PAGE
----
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[FYI] (Fwd) FC: Politicians weigh even more surveillance powers, by Ted Bridis
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- Date: Fri, 30 Nov 2001 21:08:27 +0100
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Date sent: Fri, 30 Nov 2001 13:34:01 -0500
From: Declan McCullagh <firstname.lastname@example.org>
Subject: FC: Politicians weigh even more surveillance powers, by Ted Bridis
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From: "Ted Bridis" <firstname.lastname@example.org>
Subject: More anti-terrorism legislative changes under consideration
Date: Thu, 29 Nov 2001 22:20:18 -0500 Organization: The Associated
November 29, 2001
New Surveillance Measures Considered
By THE ASSOCIATED PRESS
Filed at 8:33 p.m. ET
WASHINGTON (AP) -- Just weeks after approving powerful new
anti-terrorism laws, some lawmakers already are considering giving the
government new police powers to make it easier to obtain special
wiretaps and search warrants usually reserved for finding foreign
The new changes would allow government agents to secretly request
wiretaps even if details about the target of the surveillance, such as
his identity or the location of his phone, aren't known. They also
would allow agents to make broader demands for most business records,
as long as the documents were related to an investigation.
Another change, which lawmakers considered but rejected on Wednesday,
would have permitted the United States to invoke a powerful
anti-espionage law even in cases against individual foreigners. That
law is currently reserved for cases against people working as spies
for foreign governments or other foreign organizations.
A fourth change, still under consideration, would give the government
up to three days to seek a judge's approval for warrants after
investigators conduct a search or wiretap in emergencies. The
government currently must obtain a judge's permission after 24 hours.
The changes, under consideration by House and Senate members working
on the intelligence bill that would set the budget for the CIA, would
affect a powerful 1978 anti-espionage law, the Foreign Intelligence
Surveillance Act. Under that law, a secret U.S. court considers
requests for searches or wiretaps, and these generally require a lower
standard of proof for approval than in traditional criminal cases.
The Justice Department characterized the changes being sought as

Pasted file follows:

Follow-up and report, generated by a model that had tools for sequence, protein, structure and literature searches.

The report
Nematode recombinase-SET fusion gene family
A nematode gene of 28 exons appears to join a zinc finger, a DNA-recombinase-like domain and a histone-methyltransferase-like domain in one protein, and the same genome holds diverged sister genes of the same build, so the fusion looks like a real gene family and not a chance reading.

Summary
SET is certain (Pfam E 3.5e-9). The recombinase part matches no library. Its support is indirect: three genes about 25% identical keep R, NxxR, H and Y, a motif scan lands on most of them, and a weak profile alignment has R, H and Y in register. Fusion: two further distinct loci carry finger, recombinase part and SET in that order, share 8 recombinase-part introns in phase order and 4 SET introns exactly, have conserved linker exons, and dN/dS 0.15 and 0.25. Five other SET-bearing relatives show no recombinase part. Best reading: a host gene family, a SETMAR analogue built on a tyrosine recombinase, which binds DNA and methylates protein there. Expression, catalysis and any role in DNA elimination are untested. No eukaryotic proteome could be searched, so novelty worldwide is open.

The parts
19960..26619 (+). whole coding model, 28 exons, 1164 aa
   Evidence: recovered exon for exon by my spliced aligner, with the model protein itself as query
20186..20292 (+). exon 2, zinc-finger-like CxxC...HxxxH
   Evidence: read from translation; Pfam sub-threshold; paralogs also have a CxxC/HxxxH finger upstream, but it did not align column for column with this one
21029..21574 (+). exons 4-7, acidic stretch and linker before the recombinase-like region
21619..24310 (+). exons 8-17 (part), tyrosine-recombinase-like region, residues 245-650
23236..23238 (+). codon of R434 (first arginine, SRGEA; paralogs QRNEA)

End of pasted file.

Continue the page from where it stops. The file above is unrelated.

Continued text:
narrow, technical amendments to the surveillance act. House and Senate
oversight committees had urged intelligence agencies and the Justice
Department to suggest changes to the law, according to people familiar
with the process. Five proposals, including the one lawmakers
rejected, came from Justice lawyers.
``It is perfectly normal that committees will reach out to executive
agencies for input about changes they want to make and language that
facilitates that,'' Justice Department spokeswoman Susan Dryden said.
``In this case, the intelligence committees reached out to the Justice
Department for technical guidance.''
Civil liberties groups cautioned that the changes were substantive and
considerably broadened police powers.
``This is a significant expansion of electronic surveillance in the
United States,'' said Jerry Berman, head of the Washington-based
Center for Democracy and Technology. ``It's only been a month or so,
and they're already asking for expansions.''
The change rejected by lawmakers would have allowed the surveillance
law to be used against ``a foreign individual,'' according to draft
language by the Justice Department, which was obtained Thursday by The
Associated Press. Justice lawyers wrote that otherwise restricting use
of the espionage law ``limits the ability of the president to use this
statute against ... hijackers or other terrorists without affiliation
or known affiliation with a specific group or foreign state.''
People familiar with the considerations, speaking only on condition of
anonymity, said lawmakers considered the change too substantive to be
included among technical amendments and decided Wednesday afternoon
not to consider it further, at least until next year.
Another change would add the phrase ``if known'' to the requirement
for wiretap approvals of identifying the location of a target's
electronic communications. Justice lawyers said the change would be
useful in cases of wireless telephones or e-mail accounts, ``where the
facility to be monitored is typically not known in advance.''
Reacting to the Sept. 11 terrorist attacks, Congress under the new
Patriot Act gave government agents broad new powers to detain
immigrants, eavesdrop on telephone calls and e-mails and share
sensitive details of criminal investigations with the CIA.
President Bush signed the Patriot Act on Oct. 26.
Among other things, the law permits U.S. prosecutors to invoke the
anti-espionage law even when the primary focus of their investigation
isn't spying by a foreign government. It also makes it legal for
investigators to pass sensitive information about criminal cases to
The intelligence bill, which is largely classified, provides funding
and some policy guidance to the 13 U.S. intelligence agencies,
including the CIA and the National Security Agency. Its total amount
is secret but thought to be around $30 billion annually. The House and
Senate have already passed separate versions of the bill, which
contain large increases for the agencies.
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